Snoring is caused by turbulence inside the airway during inspiration. This turbulence happens as a result of partial blockage of the throat area either at the tip of the nasal cavity or the vocal chords. In most cases, restriction occurs during sleep because our muscles tend to relax when we doze off.
Most snoring problems originate from the base of the soft palate but in recent years scientists have found out that the tongue plays a far more important role in the incidence of snoring than was previously thought.
The problem however, is that snoring is not something that can be stopped at will. It is a physical abnormality like any other and sometimes it is important to seek proper medication attention for it.
One self-help remedy that is often recommended is side sleeping. Some argue that if you sleep on your back you are more likely to snore than if you sleep on your side or stomach. So do these claims have any medical backing or are they just myths?
There are three common sleeping patterns namely: back sleeping, side sleeping and stomach sleeping. Let us see how each one of them affects your snoring patterns.
Stomach sleeping provides more body warmth particularly because you get to inhale warm air from the pillow. In addition, it eases pressure on your ribs and spine, which can result in better relaxation. When it comes to snoring, stomach sleepers have a slight advantage over those who sleep in different positions because the throat tends to open wider leaving just enough space for airflow.
But there are several health disadvantages that come with tummy sleeping. First, it flattens the natural curve of your spine and this can indirectly contribute to lower back pain. This may also create strain on the neck and reduce blood supply to key organs.
Whether you sleeping in a curled up fetal position or lying straight, side sleeping is a winner in improving blood circulation to the heart. It also reduces pressure on your spine thus reducing your risk of lower back pain. Another added advantage is that this position tends to ease acid reflux and heartburn thereby promoting healthier sleeping patterns.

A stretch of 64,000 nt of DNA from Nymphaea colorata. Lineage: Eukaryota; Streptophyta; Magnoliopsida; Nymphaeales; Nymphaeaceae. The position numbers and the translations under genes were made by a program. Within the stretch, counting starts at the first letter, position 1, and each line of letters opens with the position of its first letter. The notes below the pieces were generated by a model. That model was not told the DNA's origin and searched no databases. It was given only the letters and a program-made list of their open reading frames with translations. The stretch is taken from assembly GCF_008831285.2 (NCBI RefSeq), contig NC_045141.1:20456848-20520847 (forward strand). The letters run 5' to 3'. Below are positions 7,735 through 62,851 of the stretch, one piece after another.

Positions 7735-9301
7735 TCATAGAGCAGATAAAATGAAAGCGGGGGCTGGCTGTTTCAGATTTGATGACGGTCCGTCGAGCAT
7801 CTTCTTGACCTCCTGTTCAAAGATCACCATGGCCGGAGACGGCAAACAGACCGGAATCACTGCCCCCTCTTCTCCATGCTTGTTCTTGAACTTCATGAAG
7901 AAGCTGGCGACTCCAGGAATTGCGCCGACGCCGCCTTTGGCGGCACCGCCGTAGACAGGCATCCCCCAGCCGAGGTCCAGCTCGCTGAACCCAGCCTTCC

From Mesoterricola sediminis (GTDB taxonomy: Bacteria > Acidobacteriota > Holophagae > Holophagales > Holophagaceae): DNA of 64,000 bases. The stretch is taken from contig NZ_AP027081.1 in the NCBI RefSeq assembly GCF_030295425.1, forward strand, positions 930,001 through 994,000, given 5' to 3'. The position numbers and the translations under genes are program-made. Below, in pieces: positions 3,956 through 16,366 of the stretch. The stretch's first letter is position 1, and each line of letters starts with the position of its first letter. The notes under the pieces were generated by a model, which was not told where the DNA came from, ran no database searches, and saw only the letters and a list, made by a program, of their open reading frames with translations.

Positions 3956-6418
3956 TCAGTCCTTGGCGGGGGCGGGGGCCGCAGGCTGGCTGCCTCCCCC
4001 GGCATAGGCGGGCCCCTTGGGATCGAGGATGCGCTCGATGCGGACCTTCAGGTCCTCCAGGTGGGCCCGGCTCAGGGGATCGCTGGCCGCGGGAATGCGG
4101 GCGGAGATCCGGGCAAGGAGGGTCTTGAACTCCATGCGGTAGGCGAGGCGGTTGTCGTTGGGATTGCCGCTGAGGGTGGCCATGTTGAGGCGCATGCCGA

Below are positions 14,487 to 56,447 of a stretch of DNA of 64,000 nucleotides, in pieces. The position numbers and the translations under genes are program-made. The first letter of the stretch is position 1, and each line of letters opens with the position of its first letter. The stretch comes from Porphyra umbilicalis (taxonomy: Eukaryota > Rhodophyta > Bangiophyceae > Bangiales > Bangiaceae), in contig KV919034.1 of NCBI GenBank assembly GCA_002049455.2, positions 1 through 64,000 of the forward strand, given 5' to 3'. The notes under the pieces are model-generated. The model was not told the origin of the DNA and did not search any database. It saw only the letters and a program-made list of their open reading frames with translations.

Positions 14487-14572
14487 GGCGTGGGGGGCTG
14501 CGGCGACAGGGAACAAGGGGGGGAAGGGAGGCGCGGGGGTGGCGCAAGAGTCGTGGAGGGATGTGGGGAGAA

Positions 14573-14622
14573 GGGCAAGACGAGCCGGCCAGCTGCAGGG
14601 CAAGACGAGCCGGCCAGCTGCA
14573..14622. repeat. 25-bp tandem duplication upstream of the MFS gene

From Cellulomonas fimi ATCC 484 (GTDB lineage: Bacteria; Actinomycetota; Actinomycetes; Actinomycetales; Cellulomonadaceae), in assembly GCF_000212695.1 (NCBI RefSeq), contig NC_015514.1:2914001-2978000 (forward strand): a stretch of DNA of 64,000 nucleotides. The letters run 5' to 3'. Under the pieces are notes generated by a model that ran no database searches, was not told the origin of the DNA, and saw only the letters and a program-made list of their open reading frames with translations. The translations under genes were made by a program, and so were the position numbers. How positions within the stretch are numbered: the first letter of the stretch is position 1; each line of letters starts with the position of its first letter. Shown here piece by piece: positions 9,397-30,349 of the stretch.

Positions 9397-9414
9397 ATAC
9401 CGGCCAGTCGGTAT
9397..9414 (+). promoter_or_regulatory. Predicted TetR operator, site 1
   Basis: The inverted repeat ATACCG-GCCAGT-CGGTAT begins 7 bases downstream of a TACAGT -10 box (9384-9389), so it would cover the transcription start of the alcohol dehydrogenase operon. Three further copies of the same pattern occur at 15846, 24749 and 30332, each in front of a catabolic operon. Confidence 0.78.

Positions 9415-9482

What about snoring?
Well, side sleeping can help tame up to 54% of snoring problems. That is to say, changing sleeping positions alone may not entirely help end the problem and sometimes a more advanced solution may have to be sought.
On the flipside, though, if you sleep on your side you are likely to subject your lungs and stomach to pressure. You are also more likely to wake up with squished-arm-numbness.
Sleeping in this position is a boon for your neck and spine health, because your back is not forced into any contortions. In addition, back sleeping protects your face from wrinkles (a win for the cosmetically inclined) and allows the mattress to do its job of supporting the spine.
Snoring occurs when your muscles relax and your tongue falls backward toward the throat. It is possible that back sleepers are likelier to snore than non-back sleepers.
According to a study published in the New York Times, majority of people who snore are positional snorers. That means they only need to change their sleeping positions to control the problem. However, this trick does not always work for everybody.
The reason is simple; there are many other causes of snoring apart from the partial blockage that occurs when you sleep on your back. For instance, as you age, your throat muscles tend to relax and that may aggravate the snoring. Likewise, if you are obese (and have a lot of fatty tissue around the neck) or if you drink alcohol before going to bed then back sleeping may not be to blame for your snoring woes.
Yes, sleeping on your back may increase your chances of snoring. However, sometimes the culprit behind the rumbling sound may not be your sleeping position. You can snore even if you are a side sleeper or a stomach sleeper. The key is to find a remedy that works and provides you with a long-term solution to your problem.
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